Monday, December 31, 2018

Cook County Death Certificates from FamilySearch: Original or Derivative?

Recently, I made an interesting-to-me discovery that I thought would be worth sharing.
Below are two FamilySearch death index entries for the same person. The one on the left is from a collection (the term FamilySearch uses) titled Illinois, Cook County Deaths, 1878-1994. The one on the right is from Illinois Deaths and Stillbirths, 1916-1947.
Notice the differences. The index entry on the left has more information--address, cemetery name, and informant name, for example. And the birthplace is spelled "Pisek" on one and "Piseh" on the other.
Next let's look at the record retrieval information.
Notice there is no "GS Film number" for the record on the left. I believe this record set contains the images that were created by digitizing the paper certificates held by the Cook County Clerk's Office. I don't remember the year, but the project was done before I moved from Chicago three years ago. This index entry suggests the corresponding certificate can be purchased through (The link doesn't work because the URL has changed to

The index entry on the right has a film number and a digital folder number. I believe the corresponding images (they are available, despite the "No image" note above) were created by scanning microfilm that was created years ago.
Now let's look carefully at the record sets that include the digital folder numbers. They can be found by going to Search > Catalog > Film/Fiche, typing in a folder number, hitting "enter," and clicking on the record set title.
It's a little bit hard to see, but the record set on the left was created from certificates held by the Cook County Clerk. This is a link to the genealogy page on their website and to the form needed to request death certificates from their Bureau of Vital Records by mail.
The one on the right was created from records held by "Public Board of Health Archives" (Illinois Department of Public Health) in Springfield. Here's a link to their genealogy page and to the form needed to request a death certificate from the Illinois Department of Public Health.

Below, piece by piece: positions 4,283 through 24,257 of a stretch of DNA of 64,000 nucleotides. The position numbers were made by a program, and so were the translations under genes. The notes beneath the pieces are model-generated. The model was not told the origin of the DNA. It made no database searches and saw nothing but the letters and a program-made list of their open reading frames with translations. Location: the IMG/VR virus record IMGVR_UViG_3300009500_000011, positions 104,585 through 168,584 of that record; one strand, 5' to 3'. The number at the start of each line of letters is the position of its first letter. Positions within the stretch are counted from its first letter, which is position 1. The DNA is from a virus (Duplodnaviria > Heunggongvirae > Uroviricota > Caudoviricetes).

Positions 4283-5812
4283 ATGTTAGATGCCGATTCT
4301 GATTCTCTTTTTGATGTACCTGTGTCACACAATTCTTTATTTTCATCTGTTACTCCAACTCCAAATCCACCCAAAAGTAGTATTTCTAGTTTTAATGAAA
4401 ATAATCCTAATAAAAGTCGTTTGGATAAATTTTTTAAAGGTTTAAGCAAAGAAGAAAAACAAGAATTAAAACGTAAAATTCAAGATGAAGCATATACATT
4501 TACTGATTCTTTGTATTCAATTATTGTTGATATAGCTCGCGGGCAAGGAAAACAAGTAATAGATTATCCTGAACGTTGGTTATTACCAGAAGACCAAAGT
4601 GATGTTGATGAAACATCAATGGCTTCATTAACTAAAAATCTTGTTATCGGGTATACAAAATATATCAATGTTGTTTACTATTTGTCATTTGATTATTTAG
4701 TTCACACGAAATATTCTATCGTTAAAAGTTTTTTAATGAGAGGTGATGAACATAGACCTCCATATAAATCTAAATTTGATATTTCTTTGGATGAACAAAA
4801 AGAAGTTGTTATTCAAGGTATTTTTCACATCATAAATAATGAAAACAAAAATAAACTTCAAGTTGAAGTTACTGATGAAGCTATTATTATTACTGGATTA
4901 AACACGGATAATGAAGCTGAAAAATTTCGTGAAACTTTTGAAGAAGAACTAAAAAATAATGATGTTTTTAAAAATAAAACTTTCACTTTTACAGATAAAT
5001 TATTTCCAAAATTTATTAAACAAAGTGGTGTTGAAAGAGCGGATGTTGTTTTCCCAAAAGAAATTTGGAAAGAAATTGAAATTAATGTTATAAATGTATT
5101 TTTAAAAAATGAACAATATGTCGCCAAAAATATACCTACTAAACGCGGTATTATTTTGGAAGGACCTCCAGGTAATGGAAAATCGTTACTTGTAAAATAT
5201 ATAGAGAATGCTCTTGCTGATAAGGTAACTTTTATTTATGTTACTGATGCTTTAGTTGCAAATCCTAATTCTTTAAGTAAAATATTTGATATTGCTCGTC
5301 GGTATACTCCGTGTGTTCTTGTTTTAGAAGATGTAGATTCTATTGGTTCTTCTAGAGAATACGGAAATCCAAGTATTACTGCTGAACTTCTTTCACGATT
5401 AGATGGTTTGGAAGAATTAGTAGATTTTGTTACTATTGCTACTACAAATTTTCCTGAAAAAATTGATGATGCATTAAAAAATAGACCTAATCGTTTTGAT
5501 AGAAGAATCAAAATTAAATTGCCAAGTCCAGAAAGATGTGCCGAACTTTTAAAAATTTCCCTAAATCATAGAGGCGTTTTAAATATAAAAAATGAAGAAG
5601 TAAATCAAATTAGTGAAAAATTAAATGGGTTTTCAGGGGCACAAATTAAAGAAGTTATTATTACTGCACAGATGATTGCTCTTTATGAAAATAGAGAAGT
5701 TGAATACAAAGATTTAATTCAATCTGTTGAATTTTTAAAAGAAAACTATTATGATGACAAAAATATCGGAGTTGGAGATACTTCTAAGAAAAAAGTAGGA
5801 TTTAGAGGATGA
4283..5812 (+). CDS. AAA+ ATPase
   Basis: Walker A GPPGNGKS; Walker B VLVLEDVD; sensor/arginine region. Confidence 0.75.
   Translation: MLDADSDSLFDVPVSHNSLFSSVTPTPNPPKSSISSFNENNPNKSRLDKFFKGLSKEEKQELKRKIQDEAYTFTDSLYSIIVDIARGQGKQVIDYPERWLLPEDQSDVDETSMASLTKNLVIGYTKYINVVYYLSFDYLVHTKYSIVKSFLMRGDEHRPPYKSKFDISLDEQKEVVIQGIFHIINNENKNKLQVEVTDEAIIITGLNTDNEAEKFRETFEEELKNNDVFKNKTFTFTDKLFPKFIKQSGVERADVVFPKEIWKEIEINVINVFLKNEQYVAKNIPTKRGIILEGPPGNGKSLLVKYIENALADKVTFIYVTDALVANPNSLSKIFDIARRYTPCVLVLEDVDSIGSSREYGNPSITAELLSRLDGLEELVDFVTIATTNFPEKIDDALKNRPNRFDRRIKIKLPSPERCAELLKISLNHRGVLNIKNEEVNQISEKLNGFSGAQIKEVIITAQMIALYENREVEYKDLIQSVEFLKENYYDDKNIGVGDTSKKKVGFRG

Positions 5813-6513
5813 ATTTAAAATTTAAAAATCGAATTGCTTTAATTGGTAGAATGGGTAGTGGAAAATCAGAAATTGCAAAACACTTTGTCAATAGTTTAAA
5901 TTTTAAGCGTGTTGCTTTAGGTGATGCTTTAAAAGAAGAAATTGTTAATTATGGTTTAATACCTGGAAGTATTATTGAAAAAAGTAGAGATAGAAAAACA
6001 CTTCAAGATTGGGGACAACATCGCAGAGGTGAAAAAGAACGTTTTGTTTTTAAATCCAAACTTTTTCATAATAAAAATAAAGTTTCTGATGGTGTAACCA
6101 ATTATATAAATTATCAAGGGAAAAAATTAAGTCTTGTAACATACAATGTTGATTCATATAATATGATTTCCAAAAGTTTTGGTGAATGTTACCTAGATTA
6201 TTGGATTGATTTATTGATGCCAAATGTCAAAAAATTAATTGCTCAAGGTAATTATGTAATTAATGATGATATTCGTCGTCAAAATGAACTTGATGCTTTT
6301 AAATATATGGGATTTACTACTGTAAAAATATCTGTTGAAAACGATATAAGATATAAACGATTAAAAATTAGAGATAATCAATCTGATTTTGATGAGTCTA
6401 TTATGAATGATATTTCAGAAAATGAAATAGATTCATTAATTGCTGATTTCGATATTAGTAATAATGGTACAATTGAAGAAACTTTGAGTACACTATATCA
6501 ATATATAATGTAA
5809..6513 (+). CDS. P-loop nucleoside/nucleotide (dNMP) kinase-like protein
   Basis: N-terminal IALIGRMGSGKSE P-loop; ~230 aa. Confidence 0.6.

And finally, let's look at the corresponding records. The one directly below was found using information from the index entry on the left. This would be the record that's held by Cook County.
And the one below this is the one that was found using the index information on the right. This would be the record that's held in Springfield.
It looks to me as though the certificate held by Cook County is a derivative record, probably made by copying information from the original, perhaps by the by the submitter before it was sent to the county or by the county before it was sent to the state. And, it looks to me as though the certificate held by the Public Board of Health Archives is the original. I need to explore other records from other years to see if there is a consistent pattern, but I suspect that might be the case.
So, what does this mean for genealogists doing research in Chicago records? The short answer is -- it's a good reminder to look carefully at our sources and to seek out the best quality records possible.

Wednesday, February 21, 2018

New Album Will Celebrate Chicago's Musical Heritage

Chicago has a rich musical history and On Big Shoulders, "an Americana album featuring 12 of Chicago's best musicians collaborating on 10 songs linked to The Windy City," [1] will celebrate it. Funded, in part, by a grant from the City of Chicago, the release is scheduled for 2018, and there's a Kickstarter campaign in place to raise funds for the final steps in the production process.

It may not seem like this is related to genealogy, but I think there's a lot to be said about tapping into the culture of the places where our ancestors lived. 

If you love Chicago ... love music ... love supporting projects of long-lasting value ... then, check it out!

I'm acquainted with Matt Brown, the producer (I took banjo and fiddle lessons from him when I lived in Chicago) and I am confident that every aspect of this album, from the recording quality to the liner notes, will be top-notch. He just wouldn't have it any other way.

1. Matt Brown, "Debut 'On Big Shoulders' album celebrates Chicago's music," Kickstarter ( : accessed 21 February 2017).

Using the Family History Library Record Lookup Service

Have you heard about the Family History Library Record Lookup Service? It's a very convenient way to obtain digital copies of Chicago vi...